Where the time has gone

Where has the time gone? It’s been a while since I last shared an update. Here’s my best attempt to account for where the time has gone…

My family finally had the chance to meet in Portugal for Thanksgiving, which was wonderful! It was the first time I got to see my brother in 2 long years. After being nomadic for most of the pandemic, he has settled in Atlanta. My mom is healthy and as busy as ever. If you follow the crypto craziness (and know my mom), you’ll appreciate this quick story. While exploring the back streets of Ericeira, we stumbled across a small shop selling crypto t-shirts with different currency logos on them. The designer was beside himself when my mom looked at the shirts and said “No, that’s Polkadot, I want Ethereum“! Unfortunately, the new variant may impact our plans to visit Grant’s family in South Africa. He has a 1+ year old niece that we’ve never met and we haven’t seen the rest of his family since well before the pandemic began :/.

As many of you know, Grant and I rented a place in Calstock, Cornwall (southwest England). The initial 6 month lease ended in September, but we’re still there :). It’s been amazing to have direct access to the River Tamar for paddling and the countryside for hikes. We mostly eat locally grown produce and we have an “egg dealer” who provides us with not only fresh eggs, but homemade juices, jams, and honey. The pub across the street serves a fantastic nut roast on Sundays. The local arts center puts on high quality shows. We’ve even been invited to join the Christmas Lights Hanging Committee!

We still haven’t figured out what the plan is long term and whether we’re really prepared to leave city life completely. International flights often aren’t easy (not that we take many of those these days), and I’m fairly dependent on Grant and ‘his’ car for transportation. The UK won’t exchange many foreign drivers licenses for local ones, so I’d have to take a driving test again to drive legally here. I also made a fuss to Grant about not wanting a car or any life admin related to car ownership, so I’d have to dig myself out of that hole too ;]. 

The exciting thing is that we have a lot of flexibility. Both Grant and I are able to work remotely from almost anywhere (timezone, visa, and tax implications notwithstanding). I’m eligible for permanent residence in the UK and just need to pass my Life in the UK test, which I’m hoping to sort out by year end. The national emblem of Wales is the leek, in case anyone was wondering. Once that’s done, I can apply for UK citizenship 12 months later. Sadly, unless the rules in HK change before March, I’m unlikely to retain my permanent residence there. It’s really hard to justify 3 weeks of hotel quarantine given the situation these days.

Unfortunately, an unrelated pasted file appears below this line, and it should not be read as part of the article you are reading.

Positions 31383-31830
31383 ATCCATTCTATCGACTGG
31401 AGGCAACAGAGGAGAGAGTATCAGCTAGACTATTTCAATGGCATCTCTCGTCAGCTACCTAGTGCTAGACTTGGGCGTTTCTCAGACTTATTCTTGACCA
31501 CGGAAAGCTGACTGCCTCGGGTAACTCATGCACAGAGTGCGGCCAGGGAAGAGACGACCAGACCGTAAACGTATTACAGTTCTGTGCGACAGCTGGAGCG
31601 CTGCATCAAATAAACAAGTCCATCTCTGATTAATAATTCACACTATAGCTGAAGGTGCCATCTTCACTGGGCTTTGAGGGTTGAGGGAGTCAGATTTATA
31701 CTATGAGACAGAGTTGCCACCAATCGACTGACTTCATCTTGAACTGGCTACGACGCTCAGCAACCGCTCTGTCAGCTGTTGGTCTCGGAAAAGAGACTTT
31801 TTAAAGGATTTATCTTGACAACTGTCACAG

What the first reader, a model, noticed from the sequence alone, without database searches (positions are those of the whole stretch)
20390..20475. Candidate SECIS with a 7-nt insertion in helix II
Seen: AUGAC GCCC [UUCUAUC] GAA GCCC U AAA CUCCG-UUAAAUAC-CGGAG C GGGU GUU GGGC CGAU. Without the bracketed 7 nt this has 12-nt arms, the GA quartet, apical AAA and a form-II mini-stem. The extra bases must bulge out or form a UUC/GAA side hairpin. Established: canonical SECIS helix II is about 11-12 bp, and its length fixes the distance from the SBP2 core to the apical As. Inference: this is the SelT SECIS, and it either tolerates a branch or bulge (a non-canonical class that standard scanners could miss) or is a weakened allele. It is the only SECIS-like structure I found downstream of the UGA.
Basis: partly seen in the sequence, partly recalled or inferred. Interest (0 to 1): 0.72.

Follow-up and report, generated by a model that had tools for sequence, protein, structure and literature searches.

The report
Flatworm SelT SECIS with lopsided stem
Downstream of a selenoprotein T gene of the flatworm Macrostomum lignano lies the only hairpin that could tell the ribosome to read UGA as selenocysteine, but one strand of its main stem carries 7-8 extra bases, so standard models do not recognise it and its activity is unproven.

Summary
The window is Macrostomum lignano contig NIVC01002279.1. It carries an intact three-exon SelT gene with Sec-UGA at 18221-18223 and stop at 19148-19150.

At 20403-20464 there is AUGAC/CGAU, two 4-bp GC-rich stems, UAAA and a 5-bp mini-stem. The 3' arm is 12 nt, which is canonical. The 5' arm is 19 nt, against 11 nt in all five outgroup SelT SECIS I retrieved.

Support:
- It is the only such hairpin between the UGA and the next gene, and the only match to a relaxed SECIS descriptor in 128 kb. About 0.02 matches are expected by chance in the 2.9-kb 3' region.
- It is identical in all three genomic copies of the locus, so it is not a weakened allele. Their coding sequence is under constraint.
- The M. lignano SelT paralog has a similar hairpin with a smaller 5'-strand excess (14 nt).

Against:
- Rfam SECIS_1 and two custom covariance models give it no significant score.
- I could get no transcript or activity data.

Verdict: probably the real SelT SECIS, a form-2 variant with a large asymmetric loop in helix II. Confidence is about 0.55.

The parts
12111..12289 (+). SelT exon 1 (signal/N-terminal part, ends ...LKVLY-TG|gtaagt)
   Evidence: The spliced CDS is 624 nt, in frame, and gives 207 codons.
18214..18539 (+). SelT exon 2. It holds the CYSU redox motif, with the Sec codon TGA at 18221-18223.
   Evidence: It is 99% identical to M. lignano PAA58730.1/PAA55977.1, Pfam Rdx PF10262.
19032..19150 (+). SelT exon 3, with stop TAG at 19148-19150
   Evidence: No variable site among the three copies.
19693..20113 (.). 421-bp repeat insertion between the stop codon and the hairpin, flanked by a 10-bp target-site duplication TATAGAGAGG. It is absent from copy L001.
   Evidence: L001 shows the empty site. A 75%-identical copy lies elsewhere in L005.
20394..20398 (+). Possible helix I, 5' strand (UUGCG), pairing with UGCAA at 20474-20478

My year-long, part-time sabbatical ended and I’m back at Anthemis 4 days a week as of October 1st. The initial sabbatical plan was to write a book for practitioners (designers, consultants, coaches) to help them understand the social side of the problem they’re trying to solve. The book will make a case for why this is so valuable, teach people how to map the networks of their clients and customers, and help them interpret those maps to make design and business decisions. It’s taken much longer to write than I expected, but I think the final product will be better as a result. If you want to stay updated on my progress, you can sign up for my newsletter here: I’m planning to start releasing chapters of the book as articles in January.

My role at Anthemis has shifted to reflect this focus. My new title is Head of Community and Network, and more organisations like ours are creating similar roles. My work is roughly a third data science, a third product management, and a third community management. The emphasis is around supporting communities at scale and creating the products, services, and tools to nurture those communities. The projects I work on vary a lot, but you can read about one case study here:

This summer I started working with a therapist to explore my relationship to time. The narrative I tell myself is that I have a strong sense of impermanence because of the deaths I experienced as a child (childhood friend at 4, father at 6, grandfather at 17). A side effect is that I put a lot of pressure on myself and others to use my time “well”. It has contributed to burn out twice in my life, once in university and again in Hong Kong. It also creates friction between myself and partners. The pandemic has certainly helped in many ways, but has also exposed inevitable weaknesses. I’m sure many of you can relate to that :]. In other news, I’ve signed up with a team to row across the Atlantic Ocean in a couple of years. It’s about 3,000 miles and will take us 40 days from La Gomera to Antigua – if we beat the current world record. Unfortunately, one of our team members has had to back out. If you or someone you know is interested in joining us in Dec 2023, let me know :p!